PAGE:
May 20
R.I.P. D.I.O.
icon4 May 20th, 2010 | icon2 Music | icon3Comments Off

Heavy metal’s own woodland elf, singer Ronnie James Dio has died, aged 67.

Dio has a rock pedigree as long as Gene Simmons’ tongue. After more than a decade earning his rock’n'roll stripes, in 1975 Dio joined ex-Deep Purple guitarist Ritchie Blackmore in the first line-up of Blackmore’s post-Purple project Rainbow. Their debut album is a classic of mid-’70s rock, an overblown, rich, creamy Baked Alaska of an album, full of guitar-posing, pseudo-classical wankery. (Here’s one of my favourite tracks, “Sixteenth Century Greensleeves“.)

Fast forward a few records and Dio has split with Blackmore to take over vocal duties for Black Sabbath, following the departure of Ozzy Osbourne. This is where I first came across the pint-sized vocalist, on his first outing with Sabbath, Heaven and Hell from 1980. What a corker! Sabbath fans could rest assured that their beloved band was in good hands.

Here is the promo video for the first track, “Neon Knights”, a manic rocker which has our friend Ronnie James delightfully invoking dragons, kings, circles, rings, and a host of other quasi-Tolkienesque imagery. Sort of like Bilbo Baggins on speed. (Please ignore the sloppily tacked on faux applause.)

Dio stayed with Sabbath for one more studio album and also appears on their double live record “Live Evil” – which I begged for, and happily received, for my 14th birthday. Yippee!

In the years that followed, Dio released numerous solo records, re-joined Sabbath and lived life to the full. Perhaps he should be best remembered for his stirring vocal on the 1974 hit “Love Is All”, the animated video clip for which I have fond memories of watching as a youngster. (It still brings a tear to the eye…)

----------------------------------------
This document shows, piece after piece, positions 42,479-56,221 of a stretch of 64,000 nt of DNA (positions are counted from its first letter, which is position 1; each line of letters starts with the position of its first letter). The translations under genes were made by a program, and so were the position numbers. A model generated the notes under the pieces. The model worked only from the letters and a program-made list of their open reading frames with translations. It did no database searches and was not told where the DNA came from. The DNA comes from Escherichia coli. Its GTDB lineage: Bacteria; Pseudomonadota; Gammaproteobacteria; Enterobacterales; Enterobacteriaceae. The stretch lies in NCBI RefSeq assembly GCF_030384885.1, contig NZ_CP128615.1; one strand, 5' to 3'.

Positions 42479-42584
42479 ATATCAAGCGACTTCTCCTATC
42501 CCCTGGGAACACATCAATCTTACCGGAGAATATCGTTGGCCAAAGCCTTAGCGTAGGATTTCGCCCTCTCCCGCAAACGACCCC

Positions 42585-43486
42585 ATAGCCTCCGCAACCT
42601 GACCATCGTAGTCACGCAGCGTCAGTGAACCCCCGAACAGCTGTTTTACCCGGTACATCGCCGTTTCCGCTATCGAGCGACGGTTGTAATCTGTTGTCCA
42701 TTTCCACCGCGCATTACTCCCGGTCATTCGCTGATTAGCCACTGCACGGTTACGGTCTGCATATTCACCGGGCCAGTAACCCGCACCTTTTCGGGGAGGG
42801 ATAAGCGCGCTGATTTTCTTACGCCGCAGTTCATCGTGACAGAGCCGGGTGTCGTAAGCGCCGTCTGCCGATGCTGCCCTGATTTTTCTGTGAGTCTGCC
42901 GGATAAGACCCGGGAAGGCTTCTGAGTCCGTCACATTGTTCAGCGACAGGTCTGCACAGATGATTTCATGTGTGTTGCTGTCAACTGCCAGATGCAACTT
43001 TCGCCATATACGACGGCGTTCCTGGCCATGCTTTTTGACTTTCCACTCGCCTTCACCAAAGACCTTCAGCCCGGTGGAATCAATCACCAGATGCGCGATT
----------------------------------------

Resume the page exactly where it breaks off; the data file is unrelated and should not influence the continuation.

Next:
Ronnie James Dio (1942-2010)

May 16
It’s a Small World After All
icon4 May 16th, 2010 | icon2 Bric-a-Brac | icon3Comments Off

Heard yesterday on the radio as Jessica Watson sailed into Sydney Harbour:

“I’m sure Jessica’s knockers have been put right in their place.”

Good to know.

The first circumnavigation of the globe is usually credited to Ferdinand Magellan, although he was killed in the Philippines midway through the journey. His expedition, led by Juan Sebastián Elcano, went on to complete the round-the-world voyage, arriving in Spain in 1522. The first Englishman to achieve this feat was another name you might’ve learned in primary school: Francis Drake. He did it in 1580.

The first solo sailor to make it round the world was the Canadian Joshua Slocum, who completed his voyage in 1898. Slocum’s method of navigation was “dead reckoning”, which involves estimating your current position based on your previous position and taking into account a guesstimate of your speed, direction and elapsed time. (It’s believed that certain animals, including ants and rats, use a version of dead reckoning to return safely to their home after a foraging expedition.)

“Around the world” in yo-yo terms means to fling the yo-yo outwards and then, with the yo-yo at full extension, to have it spinning in a wide circle to the side of your body. Don’t do this in front of a mirror or large glass window.